If the two years of work were in the same discipline as the bachelor’s degree you will complete here, and if the course content is similar, it will probably take you 2 to 2.5 years, but it’s hard to say for sure. We would urge you to apply as soon as you can, have official transcripts sent, and provide us with course descriptions/syllabi. As soon as the admission decision is made, an evaluation of transfer credit will be done. The evaluation will be sent to the appropriate advisor in the college of your major for further evaluation. When you arrive, you and your academic advisor will sit down and go through the evaluation together, seeing what credits you have satisfied and what credits you still must earn.
5. Is the TOEFL or IELTS always required for Admission?
Yes — unless your native language is English (please see list of countries where English is the native language). If your native language is not English, but your schooling was in English, the TOEFL or IELTS or PTE-A is still required unless you have an earned master’s degree from an accredited U.S. institution. If any of your scores indicate weakness in your English proficiency, English Language and Culture (ELAC) courses will be required.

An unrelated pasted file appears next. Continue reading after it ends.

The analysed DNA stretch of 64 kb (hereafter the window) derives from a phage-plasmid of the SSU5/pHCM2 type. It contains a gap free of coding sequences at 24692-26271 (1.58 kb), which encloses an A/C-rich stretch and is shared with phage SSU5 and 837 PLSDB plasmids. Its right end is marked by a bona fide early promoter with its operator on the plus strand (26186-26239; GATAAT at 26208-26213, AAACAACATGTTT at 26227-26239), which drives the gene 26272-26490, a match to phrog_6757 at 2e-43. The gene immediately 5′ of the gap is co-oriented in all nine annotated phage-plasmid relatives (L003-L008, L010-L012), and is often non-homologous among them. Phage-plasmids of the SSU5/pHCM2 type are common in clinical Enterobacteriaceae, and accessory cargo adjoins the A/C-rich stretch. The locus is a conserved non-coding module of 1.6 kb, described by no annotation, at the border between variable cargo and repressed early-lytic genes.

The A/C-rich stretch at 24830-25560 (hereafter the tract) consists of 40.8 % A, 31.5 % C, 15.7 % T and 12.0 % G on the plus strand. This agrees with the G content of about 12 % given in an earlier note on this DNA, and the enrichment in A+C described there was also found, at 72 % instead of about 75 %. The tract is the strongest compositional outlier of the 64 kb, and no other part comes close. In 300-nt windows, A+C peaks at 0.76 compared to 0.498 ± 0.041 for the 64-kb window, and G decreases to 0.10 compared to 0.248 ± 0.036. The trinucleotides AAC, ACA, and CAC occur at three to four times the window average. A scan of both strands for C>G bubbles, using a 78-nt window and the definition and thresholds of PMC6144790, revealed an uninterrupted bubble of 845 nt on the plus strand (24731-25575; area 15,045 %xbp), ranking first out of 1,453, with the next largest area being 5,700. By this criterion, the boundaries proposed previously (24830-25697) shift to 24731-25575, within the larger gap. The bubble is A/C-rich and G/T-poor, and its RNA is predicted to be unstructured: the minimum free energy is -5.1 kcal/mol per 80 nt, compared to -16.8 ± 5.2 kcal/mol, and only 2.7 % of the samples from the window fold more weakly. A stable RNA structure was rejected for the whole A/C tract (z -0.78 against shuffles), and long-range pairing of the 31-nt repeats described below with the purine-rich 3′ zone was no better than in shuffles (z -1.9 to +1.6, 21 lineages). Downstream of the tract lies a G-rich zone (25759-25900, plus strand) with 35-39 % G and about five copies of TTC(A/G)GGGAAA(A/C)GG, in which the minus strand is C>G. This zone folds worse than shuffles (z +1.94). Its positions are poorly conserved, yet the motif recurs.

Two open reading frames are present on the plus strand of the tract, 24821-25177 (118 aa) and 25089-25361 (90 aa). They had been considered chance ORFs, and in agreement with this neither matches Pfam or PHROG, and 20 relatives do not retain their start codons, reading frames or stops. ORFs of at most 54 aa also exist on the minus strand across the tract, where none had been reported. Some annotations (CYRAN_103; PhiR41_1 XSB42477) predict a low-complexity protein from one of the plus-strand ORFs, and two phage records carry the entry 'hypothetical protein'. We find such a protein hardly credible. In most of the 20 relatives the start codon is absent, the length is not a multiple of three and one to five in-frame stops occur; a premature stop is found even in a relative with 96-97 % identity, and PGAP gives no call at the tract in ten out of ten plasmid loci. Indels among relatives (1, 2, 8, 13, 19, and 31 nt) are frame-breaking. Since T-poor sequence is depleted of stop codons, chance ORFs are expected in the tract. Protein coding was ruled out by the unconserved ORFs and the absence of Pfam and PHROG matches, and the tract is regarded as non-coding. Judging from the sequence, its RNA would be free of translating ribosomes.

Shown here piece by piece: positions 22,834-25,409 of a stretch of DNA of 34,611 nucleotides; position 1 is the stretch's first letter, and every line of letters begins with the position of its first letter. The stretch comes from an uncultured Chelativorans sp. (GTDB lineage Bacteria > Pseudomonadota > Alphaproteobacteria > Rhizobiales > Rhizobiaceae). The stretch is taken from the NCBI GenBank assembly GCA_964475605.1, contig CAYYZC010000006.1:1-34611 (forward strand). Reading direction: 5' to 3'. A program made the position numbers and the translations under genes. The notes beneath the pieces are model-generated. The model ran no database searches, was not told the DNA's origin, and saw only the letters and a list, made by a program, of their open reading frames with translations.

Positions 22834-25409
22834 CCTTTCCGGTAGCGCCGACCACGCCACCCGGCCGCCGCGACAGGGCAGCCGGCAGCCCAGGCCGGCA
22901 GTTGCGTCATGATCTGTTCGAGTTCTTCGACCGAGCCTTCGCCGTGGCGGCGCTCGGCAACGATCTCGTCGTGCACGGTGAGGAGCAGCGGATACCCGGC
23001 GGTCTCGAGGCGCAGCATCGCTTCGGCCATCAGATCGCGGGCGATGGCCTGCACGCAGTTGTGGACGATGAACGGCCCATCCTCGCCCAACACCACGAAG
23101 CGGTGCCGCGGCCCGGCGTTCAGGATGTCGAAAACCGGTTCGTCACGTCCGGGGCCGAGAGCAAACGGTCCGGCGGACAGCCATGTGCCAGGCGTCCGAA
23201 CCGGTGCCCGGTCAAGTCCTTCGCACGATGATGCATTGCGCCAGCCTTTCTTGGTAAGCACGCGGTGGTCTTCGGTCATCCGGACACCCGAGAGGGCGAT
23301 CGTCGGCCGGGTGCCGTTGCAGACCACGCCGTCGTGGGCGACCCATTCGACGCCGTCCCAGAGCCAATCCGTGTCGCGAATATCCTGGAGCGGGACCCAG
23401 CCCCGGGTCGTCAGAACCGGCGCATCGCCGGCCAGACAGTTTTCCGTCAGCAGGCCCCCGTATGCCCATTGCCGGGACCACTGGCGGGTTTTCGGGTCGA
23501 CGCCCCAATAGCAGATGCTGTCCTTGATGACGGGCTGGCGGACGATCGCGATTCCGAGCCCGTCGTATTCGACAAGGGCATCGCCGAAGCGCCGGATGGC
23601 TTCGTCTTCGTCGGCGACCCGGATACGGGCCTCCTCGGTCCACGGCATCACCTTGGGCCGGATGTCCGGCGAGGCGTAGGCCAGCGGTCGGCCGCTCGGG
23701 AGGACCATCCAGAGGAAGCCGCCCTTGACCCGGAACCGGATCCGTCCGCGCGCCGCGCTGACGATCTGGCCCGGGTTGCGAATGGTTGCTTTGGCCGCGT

6. What about academics? Are all programs fully accredited and nationally recognized?
All academic programs on our campus are fully accredited by their disciplines’ national accreditation organizations and many are nationally ranked.
- The Sam M. Walton College of Business has several highly ranked programs, including:
- The undergraduate accounting program ranked 35th among public and private universities
- The College of Engineering is ranked 64th among all undergraduate engineering programs at national public institutions by U.S. News and World Report’s “Best Colleges of 2015” annual report.
- The Fay Jones School of Architecture recently was ranked 19th in the nation in the annual survey of “America’s Best Architecture and Design Schools”, a study conducted by the Design Futures Council.
- The Dale Bumpers College of Agricultural Food and Life Sciences was ranked 51st in the world and 22nd in the U.S. in the 2013 QS World University Rankings.
- The Recreation and Sport Management program at the University of Arkansas was recently ranked 14th in the country by the 2014 Sports Management Degree Guide
- U.S. News & World Report has ranked the Walton College supply chain specialty 13th among all undergraduate programs nationally.
- The undergraduate business program was ranked 43rd among top public undergraduate programs and 83rdamong public and privates.
- The Atlantic Monthly designated the university’s creative writing program as one of the top five programs of its kind in the country.